And if your child is anything like my relentlessly spirited middle-schooler then you will hear those pleas more than eleventeen thousand times. While exposure is happening at younger ages each year, around middle school is when the begging often begins to allow them to have an Instagram.

As a parent, I have chosen to allow Instagram for my children. Tweens and teens are so social media savvy and connected these days. I do feel there are things that absolutely have to be discussed and monitored when your child enters this social network. The best thing you can do as a parent is educate yourself on how the app works and then decide how you are going to monitor your child’s activities.

First thing to consider is Instagram actually has an age limit for usage of at least 13 years old. However, with a parent’s permission many kids are on much younger. Ironically, nowhere when you go through the set up process does the app ever ask for your date of birth.

Second step is privacy. You have an option to set the account to Private Account or Public Account. If you click on the settings wheel in the upper right hand corner shown in the picture below you access these settings. Under options there is a tab for private account, if you swipe the circle to the right it will make the account private. What does that mean exactly?

a pic 2 edited

The bio and profile picture of any and every account is always public. There is no way to change that. But, by marking the account to private, your posts are not public and only accepted followers can view the photographs. The above image is our blog Instagram, as you can see the private is turned off. Swipe right to turn this setting on.

Since we are talking about followers, let me discuss. Kids often have these insane number of followers on Instagram. There is absolutely no way my children likely even know 2758 people. It almost seems a competition with them and if they do not have thousands of followers, they feel so uncool. I routinely sit down with my kids and sift through all the followers and delete people that they do not know. I can tell them a hundred times, only people you personally know, but their execution of that order is lacking.

Another privacy issue to discuss is when you go to the profile, there is an option to include your phone number-make sure your child does not give out their phone number to the world.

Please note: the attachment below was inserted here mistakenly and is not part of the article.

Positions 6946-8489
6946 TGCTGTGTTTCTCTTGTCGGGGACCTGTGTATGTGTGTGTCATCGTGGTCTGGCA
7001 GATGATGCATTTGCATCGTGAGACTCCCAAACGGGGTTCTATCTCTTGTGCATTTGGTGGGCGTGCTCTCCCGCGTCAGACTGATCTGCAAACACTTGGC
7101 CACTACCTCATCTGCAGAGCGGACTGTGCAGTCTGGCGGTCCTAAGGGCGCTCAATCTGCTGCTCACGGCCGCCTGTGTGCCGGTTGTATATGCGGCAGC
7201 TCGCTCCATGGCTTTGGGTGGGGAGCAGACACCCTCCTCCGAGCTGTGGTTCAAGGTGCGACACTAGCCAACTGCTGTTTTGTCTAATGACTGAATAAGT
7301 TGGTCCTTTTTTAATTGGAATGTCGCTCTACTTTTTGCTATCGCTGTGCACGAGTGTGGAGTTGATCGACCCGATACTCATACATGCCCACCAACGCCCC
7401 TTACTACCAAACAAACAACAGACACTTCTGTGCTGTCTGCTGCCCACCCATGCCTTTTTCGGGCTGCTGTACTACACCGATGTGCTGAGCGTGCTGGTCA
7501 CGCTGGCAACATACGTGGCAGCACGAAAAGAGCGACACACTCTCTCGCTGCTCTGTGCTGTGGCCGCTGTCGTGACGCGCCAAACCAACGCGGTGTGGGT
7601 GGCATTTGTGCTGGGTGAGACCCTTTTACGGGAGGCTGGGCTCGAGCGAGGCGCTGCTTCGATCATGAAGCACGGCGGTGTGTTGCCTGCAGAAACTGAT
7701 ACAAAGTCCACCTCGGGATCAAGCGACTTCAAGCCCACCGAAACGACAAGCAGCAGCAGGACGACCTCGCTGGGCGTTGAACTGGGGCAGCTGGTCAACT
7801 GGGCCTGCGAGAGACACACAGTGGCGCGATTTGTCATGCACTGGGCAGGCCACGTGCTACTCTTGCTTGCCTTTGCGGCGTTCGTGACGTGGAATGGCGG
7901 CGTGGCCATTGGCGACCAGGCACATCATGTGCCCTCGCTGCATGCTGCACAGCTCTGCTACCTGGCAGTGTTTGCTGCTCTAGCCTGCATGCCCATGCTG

a pic 3 edited

Location sharing is a dangerous option on Instagram when children are managing it. The “add a photo map” option allows you to add a location to the photograph. It is very important as parents that kids are not giving out their location automatically when uploading a picture. It can narrow down to your exact location. Be sue this setting is off and do regular spot checks to make sure they are not including a location on their posts.

Beyond the security concerns, as a parent you really have to be engaged to ensure that their posts represent themselves. Kids do not understand the gravity of once it is out there, even if you delete it, it might very well be out there for years. Watch their comments and the comments of others. If you see something rude, mean or in any way a form of bullying, you really have to sit down with your child and teach them how to safely and use social media with class. 

From personal experience I will also tell you it can cause unintentional drama. My child is a social butterfly, if she is having a quiet weekend at home and watching what her friends are out doing…she starts to complain…a whole lot. I remind her I am not her personal cruise ship director and that not everyone is living it up every single day-Instagram is a snap shot. Not everyone can be invited to every event every single time. I also see this as a sign she needs a social media break. It’s easy to feel sad if all you see is what seems like everyone else having fun and you’re home cleaning your room.
Navigating parenting in the digital world comes with an entirely different set of rules, the most important things you can do is educate yourself, engage and monitor, and talk often about the rules and your expectations of them.